About the same time an event took place in another direction, under circumstances which strongly indicated the same authorship. Sequas. sen, a sachem on the Connecticut river, killed a principal Indian of the Mohegan tribe, and waylaid Uncas himself as he was going down the river, and shot several arrows at him. Uncas complained to the governor and court of the colony, who took great pains to settle the affair, but without success. He was finally induced to accept of one of Sequassen's Indians, to be given up as an equivalent for the murdered man; but Sequassen would not consent to submission or con. cession of any kind. He insisted upon fighting. Uncas accepted his challenge, and invaded his territory; and Sequassen was defeated, with the loss of many of his wigwams burned and his men killed.

As the conquered suchem was nearly allied to Miantonomo, and upon intimate terms with him, it was generally believed that he acted from his instigation, and with the promise of his assistance in case of necessity. He even expressed openly his reliance on the aid of Mian. tonomo.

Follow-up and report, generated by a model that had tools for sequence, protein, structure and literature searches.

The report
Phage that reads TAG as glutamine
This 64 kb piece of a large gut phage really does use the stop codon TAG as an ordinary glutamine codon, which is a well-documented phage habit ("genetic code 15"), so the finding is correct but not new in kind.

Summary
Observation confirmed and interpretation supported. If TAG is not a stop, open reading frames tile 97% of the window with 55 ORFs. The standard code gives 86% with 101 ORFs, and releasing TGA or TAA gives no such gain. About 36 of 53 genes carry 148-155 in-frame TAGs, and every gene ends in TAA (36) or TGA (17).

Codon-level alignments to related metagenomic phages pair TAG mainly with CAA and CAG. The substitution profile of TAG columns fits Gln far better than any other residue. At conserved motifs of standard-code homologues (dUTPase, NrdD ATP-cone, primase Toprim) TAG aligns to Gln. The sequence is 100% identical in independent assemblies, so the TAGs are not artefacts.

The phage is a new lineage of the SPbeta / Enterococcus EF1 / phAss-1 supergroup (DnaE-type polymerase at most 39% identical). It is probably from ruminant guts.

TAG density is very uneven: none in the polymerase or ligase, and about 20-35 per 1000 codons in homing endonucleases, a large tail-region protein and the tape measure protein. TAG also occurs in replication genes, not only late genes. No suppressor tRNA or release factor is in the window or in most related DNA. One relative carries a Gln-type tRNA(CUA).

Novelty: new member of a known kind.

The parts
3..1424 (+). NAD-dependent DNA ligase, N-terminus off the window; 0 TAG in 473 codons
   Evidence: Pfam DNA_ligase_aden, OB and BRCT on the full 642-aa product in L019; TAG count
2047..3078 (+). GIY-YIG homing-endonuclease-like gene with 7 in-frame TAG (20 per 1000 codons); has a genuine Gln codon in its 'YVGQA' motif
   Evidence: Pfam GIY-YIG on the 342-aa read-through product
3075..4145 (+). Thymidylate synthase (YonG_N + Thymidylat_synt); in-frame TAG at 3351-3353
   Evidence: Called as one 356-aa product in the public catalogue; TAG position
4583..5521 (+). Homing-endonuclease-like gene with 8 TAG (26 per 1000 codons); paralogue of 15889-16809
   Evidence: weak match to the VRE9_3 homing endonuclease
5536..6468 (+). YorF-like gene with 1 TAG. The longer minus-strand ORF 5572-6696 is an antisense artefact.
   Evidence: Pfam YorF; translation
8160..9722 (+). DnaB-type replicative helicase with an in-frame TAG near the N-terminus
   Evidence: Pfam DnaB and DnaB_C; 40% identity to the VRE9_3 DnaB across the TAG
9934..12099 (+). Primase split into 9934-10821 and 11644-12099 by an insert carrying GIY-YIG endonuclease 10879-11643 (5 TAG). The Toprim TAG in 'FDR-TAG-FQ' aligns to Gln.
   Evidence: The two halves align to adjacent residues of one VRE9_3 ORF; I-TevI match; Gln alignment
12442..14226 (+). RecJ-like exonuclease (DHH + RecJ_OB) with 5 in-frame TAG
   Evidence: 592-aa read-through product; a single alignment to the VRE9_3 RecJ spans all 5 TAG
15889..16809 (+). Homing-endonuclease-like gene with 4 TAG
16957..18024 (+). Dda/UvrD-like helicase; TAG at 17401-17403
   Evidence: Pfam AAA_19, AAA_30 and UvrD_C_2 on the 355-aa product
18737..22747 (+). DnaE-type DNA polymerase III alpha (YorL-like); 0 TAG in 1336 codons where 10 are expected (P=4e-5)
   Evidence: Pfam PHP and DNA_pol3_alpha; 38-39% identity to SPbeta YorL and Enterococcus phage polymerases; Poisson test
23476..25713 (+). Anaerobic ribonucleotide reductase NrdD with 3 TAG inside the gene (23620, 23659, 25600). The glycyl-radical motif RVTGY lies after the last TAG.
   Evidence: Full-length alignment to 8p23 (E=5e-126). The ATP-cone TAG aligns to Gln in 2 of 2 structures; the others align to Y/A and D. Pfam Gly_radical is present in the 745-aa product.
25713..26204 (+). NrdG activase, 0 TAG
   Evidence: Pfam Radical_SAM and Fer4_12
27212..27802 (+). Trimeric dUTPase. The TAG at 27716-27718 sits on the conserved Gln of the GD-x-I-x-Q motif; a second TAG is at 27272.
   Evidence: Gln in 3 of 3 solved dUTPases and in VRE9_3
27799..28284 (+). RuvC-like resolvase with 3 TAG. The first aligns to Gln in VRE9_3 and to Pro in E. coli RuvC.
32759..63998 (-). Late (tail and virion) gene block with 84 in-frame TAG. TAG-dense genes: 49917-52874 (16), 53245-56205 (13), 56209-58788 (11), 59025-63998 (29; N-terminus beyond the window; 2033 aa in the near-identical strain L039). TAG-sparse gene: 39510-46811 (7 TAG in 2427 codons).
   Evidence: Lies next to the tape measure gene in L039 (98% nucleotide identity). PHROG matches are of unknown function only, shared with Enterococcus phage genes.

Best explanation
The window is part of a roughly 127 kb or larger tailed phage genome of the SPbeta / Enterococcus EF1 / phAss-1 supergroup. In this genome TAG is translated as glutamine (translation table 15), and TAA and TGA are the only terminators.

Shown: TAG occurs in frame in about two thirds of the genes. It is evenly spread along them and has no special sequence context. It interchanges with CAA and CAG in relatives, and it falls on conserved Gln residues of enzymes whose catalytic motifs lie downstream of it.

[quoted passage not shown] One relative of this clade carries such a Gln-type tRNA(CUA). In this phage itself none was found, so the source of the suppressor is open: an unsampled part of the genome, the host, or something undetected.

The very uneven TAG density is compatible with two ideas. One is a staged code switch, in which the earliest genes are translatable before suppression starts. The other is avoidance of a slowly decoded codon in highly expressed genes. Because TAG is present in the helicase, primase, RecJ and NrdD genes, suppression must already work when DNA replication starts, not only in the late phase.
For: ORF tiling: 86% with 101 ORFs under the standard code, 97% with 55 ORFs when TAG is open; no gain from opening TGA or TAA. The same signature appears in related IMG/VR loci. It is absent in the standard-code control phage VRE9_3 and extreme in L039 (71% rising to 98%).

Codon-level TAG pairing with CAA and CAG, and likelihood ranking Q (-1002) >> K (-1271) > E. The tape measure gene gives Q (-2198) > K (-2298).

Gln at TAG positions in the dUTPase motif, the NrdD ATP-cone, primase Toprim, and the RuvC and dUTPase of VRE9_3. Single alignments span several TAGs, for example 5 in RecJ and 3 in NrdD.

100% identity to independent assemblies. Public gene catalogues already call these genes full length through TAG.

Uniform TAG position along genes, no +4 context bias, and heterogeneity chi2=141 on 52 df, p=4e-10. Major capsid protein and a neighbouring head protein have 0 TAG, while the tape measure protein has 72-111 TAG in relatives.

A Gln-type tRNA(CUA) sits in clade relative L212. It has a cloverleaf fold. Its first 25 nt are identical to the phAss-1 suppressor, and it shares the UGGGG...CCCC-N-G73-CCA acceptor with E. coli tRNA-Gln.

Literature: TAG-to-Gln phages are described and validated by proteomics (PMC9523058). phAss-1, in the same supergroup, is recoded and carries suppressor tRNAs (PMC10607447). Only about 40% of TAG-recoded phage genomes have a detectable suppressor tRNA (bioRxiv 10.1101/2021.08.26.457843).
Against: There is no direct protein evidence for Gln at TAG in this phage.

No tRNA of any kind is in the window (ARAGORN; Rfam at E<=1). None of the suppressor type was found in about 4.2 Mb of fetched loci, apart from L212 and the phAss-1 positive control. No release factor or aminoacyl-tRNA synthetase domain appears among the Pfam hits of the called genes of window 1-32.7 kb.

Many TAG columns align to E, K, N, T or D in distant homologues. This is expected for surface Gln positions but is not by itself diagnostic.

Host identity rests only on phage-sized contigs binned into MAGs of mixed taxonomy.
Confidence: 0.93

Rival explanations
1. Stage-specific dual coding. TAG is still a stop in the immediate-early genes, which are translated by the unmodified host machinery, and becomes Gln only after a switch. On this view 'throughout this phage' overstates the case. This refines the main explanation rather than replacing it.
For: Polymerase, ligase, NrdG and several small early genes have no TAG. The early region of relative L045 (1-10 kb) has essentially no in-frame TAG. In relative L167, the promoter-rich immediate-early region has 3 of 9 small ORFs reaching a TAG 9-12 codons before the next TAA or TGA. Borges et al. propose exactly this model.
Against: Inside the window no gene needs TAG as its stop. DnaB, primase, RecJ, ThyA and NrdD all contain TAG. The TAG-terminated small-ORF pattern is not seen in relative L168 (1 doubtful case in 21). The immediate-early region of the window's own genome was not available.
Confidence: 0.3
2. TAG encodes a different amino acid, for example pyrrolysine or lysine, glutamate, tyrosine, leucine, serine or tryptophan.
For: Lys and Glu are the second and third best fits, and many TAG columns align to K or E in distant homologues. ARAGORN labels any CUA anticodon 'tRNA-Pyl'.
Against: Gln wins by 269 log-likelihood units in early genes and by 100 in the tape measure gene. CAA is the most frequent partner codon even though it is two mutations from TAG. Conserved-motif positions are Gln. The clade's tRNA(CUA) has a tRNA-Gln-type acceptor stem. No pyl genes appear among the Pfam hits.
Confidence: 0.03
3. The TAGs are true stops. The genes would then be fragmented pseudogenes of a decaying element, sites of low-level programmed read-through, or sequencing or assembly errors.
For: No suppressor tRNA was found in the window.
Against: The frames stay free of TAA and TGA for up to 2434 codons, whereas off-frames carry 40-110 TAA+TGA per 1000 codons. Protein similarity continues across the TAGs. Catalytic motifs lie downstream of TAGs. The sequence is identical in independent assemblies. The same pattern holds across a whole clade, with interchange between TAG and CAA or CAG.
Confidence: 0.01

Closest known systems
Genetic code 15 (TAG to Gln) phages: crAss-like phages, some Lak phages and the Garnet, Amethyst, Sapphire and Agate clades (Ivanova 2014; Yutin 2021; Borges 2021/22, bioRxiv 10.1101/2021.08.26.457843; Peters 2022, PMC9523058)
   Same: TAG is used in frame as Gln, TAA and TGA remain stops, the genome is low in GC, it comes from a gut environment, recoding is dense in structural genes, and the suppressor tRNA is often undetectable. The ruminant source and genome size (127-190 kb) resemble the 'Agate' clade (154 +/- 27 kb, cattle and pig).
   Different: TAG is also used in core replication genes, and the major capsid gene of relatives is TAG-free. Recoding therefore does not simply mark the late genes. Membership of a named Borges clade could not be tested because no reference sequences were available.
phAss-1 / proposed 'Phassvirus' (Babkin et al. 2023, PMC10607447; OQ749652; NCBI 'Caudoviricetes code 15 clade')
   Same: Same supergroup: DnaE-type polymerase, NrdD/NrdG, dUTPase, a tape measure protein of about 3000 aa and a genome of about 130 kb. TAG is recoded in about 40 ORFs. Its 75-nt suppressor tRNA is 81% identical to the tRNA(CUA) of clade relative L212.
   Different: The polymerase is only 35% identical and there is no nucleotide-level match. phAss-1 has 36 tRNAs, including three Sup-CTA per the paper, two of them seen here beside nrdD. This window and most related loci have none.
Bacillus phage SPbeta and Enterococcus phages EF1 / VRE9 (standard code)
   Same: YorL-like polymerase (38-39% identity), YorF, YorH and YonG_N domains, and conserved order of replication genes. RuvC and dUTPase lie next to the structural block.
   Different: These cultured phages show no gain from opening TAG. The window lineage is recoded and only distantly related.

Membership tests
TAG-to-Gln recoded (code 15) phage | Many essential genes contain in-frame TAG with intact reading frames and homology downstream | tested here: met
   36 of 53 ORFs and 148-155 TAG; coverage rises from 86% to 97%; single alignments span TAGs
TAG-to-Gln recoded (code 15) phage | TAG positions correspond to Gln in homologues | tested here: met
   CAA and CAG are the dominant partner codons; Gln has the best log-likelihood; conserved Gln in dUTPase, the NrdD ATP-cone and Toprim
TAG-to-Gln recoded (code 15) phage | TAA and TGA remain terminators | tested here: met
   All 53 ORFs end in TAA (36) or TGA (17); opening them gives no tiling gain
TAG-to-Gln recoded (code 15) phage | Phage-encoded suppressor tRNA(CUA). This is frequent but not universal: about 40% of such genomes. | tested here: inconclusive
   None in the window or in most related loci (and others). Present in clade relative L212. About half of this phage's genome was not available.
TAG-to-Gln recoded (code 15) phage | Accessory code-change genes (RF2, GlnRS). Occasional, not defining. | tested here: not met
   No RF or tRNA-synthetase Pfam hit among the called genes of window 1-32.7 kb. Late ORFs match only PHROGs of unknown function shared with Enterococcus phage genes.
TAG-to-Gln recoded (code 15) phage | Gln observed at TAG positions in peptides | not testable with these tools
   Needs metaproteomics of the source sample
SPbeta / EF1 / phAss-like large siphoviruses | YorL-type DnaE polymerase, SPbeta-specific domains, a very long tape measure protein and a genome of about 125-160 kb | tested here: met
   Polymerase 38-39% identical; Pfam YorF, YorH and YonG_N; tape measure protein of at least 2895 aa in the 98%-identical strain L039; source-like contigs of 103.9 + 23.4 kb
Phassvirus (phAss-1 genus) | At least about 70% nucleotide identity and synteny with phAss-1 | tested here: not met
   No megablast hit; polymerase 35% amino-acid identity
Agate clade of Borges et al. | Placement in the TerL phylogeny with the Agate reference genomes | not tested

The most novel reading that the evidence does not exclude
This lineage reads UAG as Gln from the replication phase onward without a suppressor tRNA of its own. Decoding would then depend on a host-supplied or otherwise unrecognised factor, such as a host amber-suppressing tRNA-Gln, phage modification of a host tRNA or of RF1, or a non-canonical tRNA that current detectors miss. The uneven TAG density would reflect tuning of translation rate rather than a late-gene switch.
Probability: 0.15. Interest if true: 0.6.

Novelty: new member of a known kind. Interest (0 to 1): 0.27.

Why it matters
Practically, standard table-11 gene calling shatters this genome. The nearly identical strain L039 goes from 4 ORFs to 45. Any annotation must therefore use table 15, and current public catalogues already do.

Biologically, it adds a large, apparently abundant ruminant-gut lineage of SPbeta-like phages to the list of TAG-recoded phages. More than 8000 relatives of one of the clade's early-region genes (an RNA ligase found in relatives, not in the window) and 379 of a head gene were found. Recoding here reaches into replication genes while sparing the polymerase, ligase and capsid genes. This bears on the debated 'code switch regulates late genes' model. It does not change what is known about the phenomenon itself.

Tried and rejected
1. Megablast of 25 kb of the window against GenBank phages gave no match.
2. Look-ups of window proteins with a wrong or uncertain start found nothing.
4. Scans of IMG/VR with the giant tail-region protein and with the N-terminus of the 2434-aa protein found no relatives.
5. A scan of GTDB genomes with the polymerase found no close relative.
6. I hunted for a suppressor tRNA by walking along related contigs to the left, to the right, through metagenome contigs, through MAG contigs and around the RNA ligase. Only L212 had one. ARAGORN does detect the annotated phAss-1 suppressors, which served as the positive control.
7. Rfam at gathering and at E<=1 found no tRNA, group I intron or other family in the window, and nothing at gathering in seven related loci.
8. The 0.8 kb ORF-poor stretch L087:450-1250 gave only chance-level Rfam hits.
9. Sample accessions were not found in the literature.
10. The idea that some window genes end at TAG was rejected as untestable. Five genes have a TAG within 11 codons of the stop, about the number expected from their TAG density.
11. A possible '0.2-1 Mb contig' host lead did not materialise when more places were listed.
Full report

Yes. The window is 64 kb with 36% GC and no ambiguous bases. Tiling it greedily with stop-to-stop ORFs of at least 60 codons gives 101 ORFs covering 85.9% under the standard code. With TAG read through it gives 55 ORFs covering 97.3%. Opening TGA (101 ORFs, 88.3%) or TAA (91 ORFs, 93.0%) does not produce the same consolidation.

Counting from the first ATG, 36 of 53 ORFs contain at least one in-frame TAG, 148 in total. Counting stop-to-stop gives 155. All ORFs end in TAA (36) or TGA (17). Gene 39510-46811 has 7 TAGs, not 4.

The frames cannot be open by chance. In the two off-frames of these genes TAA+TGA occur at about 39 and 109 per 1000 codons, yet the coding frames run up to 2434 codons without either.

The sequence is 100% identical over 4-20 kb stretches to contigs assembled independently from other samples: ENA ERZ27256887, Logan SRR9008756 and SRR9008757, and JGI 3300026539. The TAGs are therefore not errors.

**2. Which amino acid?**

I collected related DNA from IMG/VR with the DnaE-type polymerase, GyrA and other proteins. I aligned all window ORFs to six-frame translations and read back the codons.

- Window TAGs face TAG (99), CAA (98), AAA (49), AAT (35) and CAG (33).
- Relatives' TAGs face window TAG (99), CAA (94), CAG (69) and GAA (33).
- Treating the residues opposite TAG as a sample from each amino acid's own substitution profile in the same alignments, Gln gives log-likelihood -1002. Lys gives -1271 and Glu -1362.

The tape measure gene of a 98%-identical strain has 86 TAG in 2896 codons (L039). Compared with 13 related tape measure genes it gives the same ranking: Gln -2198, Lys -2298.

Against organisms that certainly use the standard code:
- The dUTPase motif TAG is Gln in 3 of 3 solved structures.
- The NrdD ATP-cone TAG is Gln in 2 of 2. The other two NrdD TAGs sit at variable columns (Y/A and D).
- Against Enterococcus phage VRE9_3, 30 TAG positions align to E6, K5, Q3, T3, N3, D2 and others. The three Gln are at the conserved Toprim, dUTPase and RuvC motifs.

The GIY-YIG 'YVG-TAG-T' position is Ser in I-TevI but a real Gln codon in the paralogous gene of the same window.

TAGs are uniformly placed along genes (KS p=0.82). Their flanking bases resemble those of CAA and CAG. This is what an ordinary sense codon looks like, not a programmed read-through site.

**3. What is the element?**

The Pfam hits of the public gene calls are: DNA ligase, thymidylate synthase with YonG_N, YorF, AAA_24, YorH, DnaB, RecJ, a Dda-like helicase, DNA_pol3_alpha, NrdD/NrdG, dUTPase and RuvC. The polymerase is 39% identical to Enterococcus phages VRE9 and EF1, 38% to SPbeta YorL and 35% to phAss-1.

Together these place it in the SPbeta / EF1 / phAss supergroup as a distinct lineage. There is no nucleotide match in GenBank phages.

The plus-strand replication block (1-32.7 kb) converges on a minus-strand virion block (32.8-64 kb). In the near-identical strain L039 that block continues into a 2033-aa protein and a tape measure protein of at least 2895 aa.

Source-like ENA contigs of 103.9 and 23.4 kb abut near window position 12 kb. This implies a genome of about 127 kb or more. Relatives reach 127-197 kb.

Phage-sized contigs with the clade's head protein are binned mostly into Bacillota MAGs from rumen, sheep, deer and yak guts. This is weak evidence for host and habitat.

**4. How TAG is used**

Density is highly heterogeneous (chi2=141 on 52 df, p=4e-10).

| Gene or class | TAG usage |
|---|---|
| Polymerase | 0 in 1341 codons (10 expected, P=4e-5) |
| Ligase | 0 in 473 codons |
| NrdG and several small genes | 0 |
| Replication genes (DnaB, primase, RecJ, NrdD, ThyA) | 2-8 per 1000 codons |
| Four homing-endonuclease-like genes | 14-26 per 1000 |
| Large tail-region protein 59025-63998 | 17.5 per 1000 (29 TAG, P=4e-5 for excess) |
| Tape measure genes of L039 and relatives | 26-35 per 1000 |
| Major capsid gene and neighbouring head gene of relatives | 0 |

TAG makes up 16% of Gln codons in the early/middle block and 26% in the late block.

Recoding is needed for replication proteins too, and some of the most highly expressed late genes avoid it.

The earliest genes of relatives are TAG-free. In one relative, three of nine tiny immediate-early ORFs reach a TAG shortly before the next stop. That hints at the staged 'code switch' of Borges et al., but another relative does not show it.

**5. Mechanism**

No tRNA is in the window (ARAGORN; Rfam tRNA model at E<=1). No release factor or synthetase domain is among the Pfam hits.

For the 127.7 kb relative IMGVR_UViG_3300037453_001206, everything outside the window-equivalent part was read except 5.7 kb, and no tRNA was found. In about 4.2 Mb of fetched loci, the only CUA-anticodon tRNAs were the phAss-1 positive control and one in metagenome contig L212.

The Narragansett chief was not a man to desert his ally or to retreat from his foe. Having hostily matured a plan of campaign, it was the next object to strike the intended blow with the most possible

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effect, and that implied the least possible notice. He raised an army of between five hundred and one thousand•men, and marched towards the Mohegan territory. The spies of Uncas discovered their approach, and gave him intelligence. The enemy was already near, and Uncas was unprepared; but he hastily rallied four or five hundred of his men, and telling them that the enemy must by no means be suffered to surprise them in their villages, marched out to meet him forthwith. At the distance of three or four miles the two armies encountered each other upon a large plain. Meanwhile Uncas, who found himself obliged to rely more upon stratagem than strength, had acquainted his warriors on the march with a plan which he now proceeded to put in exccution.

He desired a parley, and the two armies halted in the face of each other. Then advancing in the front of his men, he addressed Miantonomo: “You have a number of stout men with you, and so have I